# Gyroscope: what is it and how does it work?

This post’s subject is the gyroscope. An instrument of great utility for electronic devices and for air, naval, and space navigations.

## Operation principle

### Angular momentum

Every rotating object has an angular momentum parallel to the rotation axis.

The formula to calculate the angular momentum vector, in $kg\cdot m^{2}/s$.

$\vec{L}=I\cdot \vec{\omega}$

Where $I$ is the moment of inertia (in $kg\cdot m^{2}$) and $\vec{\omega}$ is the angular speed. This formula shows that faster the body spins, higher will be the angular momentum. Moment of inertia is the capacity of a body to resist the variation of speed rotation. The formula for a rigid body is:

$I=\int r^{2}dm$

Where $m$ is the object’s mass and $r$ is the distance from rotation axis to the rigid body’s edge. This formula, with the symbol $\int$, is an integer and from it, you can find the equation of moment of inertia to any object of any shape.

### Precession

The Law of Angular Momentum Conservation claims that if the resulting torque is null, the angular momentum will be constant in direction and magnitude. When higher the angular momentum, higher the resistance to change of this momentum’s direction, caused by a force that produces a torque. The gravity force causes a torque at 90°, creating the precession motion. This torque can only exist with the variation of angular momentum in a time interval.

$\vec{\tau }=\frac{d\vec{L}}{dt}$

The $d$ means infinitesimal variation, a variation so low that tends to zero, but it isn’t zero.

The precession rate ($\Omega$) in radians per second (rad/s).

$\Omega=\frac{d \theta }{dt}$

$\theta$ is the angle between the initial angular momentum $L$ and the current angular momentum $L'$.

Since $\theta$ is an infinitesimal angle or very small, you can consider,

$\theta \simeq sen\theta=tan \theta =\frac{dL}{L}$

Because an angle’s tangent is the opposite side divided by adjacent. The torque is the mass $M$ times gravity acceleration $g$ times rotation axis to the disk $r$.

$dL=\tau dt=(Mgr)dt$

$d\phi =\frac{dL}{L}=\frac{Mgrdt}{I\omega}$

$\Omega =\frac{Mgr}{I\omega}$

## The mechanical gyroscope

In a mechanical gyroscope, when the central wheel spins at a high speed, the central axis will keep in the same direction, doesn’t matter the motion of inner rings and support.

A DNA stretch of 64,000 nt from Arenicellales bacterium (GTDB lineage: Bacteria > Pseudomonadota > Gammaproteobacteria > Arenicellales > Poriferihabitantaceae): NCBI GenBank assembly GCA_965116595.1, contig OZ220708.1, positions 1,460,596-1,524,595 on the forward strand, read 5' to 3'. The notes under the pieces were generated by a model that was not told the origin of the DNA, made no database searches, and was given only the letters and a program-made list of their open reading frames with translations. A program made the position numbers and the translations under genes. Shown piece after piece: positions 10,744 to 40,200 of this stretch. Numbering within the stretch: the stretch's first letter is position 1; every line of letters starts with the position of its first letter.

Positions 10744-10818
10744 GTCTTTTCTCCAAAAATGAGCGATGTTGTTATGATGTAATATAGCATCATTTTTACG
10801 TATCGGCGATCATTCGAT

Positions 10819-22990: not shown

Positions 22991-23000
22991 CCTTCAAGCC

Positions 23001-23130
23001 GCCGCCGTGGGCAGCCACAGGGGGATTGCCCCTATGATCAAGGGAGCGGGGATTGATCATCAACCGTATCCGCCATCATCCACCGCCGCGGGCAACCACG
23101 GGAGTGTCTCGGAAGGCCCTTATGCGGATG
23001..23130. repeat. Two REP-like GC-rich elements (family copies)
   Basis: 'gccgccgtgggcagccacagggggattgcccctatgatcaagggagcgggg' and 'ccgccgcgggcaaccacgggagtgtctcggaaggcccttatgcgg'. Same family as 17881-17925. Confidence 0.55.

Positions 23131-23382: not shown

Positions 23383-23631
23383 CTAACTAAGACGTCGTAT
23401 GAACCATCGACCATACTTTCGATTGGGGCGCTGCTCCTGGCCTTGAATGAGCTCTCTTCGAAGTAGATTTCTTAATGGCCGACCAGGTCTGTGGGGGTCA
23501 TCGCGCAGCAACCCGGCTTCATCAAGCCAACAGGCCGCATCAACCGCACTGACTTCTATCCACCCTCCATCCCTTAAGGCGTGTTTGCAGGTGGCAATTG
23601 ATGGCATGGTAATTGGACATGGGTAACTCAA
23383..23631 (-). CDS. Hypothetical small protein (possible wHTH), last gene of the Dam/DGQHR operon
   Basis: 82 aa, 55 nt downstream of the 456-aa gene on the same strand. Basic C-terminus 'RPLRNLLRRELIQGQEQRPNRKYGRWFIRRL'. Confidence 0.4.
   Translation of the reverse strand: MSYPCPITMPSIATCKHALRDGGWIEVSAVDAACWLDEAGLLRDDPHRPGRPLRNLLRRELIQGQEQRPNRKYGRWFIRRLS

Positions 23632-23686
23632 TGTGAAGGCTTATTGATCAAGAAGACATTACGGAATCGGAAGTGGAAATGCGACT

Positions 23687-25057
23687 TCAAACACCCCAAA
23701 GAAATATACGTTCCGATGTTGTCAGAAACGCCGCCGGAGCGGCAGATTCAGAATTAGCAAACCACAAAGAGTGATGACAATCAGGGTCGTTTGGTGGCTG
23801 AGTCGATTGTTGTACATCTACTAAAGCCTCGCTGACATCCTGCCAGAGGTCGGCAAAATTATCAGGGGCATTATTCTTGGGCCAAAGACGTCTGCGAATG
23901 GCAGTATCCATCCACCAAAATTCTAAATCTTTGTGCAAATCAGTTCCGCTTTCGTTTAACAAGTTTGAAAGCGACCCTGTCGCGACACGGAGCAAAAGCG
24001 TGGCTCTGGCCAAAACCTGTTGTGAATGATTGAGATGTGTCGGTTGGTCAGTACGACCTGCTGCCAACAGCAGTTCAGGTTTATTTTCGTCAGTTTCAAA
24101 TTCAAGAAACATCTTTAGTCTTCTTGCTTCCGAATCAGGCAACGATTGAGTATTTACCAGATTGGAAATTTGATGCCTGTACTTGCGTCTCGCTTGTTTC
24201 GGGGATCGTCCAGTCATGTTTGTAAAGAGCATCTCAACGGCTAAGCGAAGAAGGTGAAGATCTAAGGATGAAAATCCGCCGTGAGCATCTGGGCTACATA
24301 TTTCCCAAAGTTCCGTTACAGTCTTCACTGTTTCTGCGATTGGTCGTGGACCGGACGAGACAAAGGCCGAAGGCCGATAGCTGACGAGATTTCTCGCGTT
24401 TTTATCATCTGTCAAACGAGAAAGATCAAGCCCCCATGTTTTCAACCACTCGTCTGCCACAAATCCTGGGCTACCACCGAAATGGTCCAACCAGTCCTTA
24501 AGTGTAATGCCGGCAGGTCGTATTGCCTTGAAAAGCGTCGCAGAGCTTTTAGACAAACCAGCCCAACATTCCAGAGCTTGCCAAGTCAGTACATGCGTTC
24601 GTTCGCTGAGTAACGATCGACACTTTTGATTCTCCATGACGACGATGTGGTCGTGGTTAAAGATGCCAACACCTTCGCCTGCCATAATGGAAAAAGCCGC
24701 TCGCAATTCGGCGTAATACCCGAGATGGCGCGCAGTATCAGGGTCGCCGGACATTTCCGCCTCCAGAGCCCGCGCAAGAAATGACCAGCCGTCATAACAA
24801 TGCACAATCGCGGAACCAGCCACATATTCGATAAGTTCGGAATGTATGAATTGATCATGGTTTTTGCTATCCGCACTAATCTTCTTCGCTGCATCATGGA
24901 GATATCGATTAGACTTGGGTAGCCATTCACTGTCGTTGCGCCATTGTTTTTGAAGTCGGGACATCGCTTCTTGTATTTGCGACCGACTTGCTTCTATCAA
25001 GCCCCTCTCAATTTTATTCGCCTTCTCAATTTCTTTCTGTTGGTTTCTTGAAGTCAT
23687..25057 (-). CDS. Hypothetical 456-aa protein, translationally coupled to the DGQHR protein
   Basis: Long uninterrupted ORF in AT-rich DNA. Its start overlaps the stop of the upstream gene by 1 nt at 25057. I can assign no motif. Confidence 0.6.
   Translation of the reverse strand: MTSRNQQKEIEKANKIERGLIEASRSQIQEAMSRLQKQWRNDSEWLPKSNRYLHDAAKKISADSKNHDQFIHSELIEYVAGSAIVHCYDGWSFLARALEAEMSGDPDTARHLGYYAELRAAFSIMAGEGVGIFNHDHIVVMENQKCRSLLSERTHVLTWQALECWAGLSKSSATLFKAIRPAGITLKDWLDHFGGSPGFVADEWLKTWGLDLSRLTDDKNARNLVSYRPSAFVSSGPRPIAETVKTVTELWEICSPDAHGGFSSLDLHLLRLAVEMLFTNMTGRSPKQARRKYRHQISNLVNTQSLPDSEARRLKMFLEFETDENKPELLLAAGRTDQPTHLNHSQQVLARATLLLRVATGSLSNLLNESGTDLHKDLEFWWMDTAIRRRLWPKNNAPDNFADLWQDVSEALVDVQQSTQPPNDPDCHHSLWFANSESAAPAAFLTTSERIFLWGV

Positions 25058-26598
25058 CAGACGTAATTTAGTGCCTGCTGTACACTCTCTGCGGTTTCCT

This feature is useful to indicate if the aircraft or submarine is going up, down, or is kept at the same altitude or depth.

In space, where there are few reference points, the gyroscope’s axis serves as a reference for orientation.

## Other types of gyroscopes

### MEMS gyroscope

This is the type of gyroscope found in many electronic systems. Consist of a resonant silicon ring inside the chip. Whose movements are converted into very small electric signals that are detected by electrodes, but need to be amplified.

A Silicon Sensing video shows the operation of the gyroscope inside a vehicle.

Exist other types of MEMS gyroscopes, with the same operation principle, use a resonant mass linked to springs and with variable capacitors to detect changes in capacitances when the mass receives angular acceleration.

### Optical gyroscope

This type doesn’t need a rotative or resonant component. A laser beam is split in two, that go in opposite directions. The beams are reflected by mirrors and can propagate in optical fiber or cavity until arrive at an optical sensor. This type uses the Sagnac effect.

#### Sagnac effect

When the device is stopped, the beams arrive at the same time on the sensor. When the optical gyroscope is rotated or tilted, the beams arrive at different times and have a phase difference from each other. Consequently, the interference pattern between the beams changes. Spin in opposite directions produces different patterns. A video from EPFL university, in Switzerland, shows the Sagnac effect.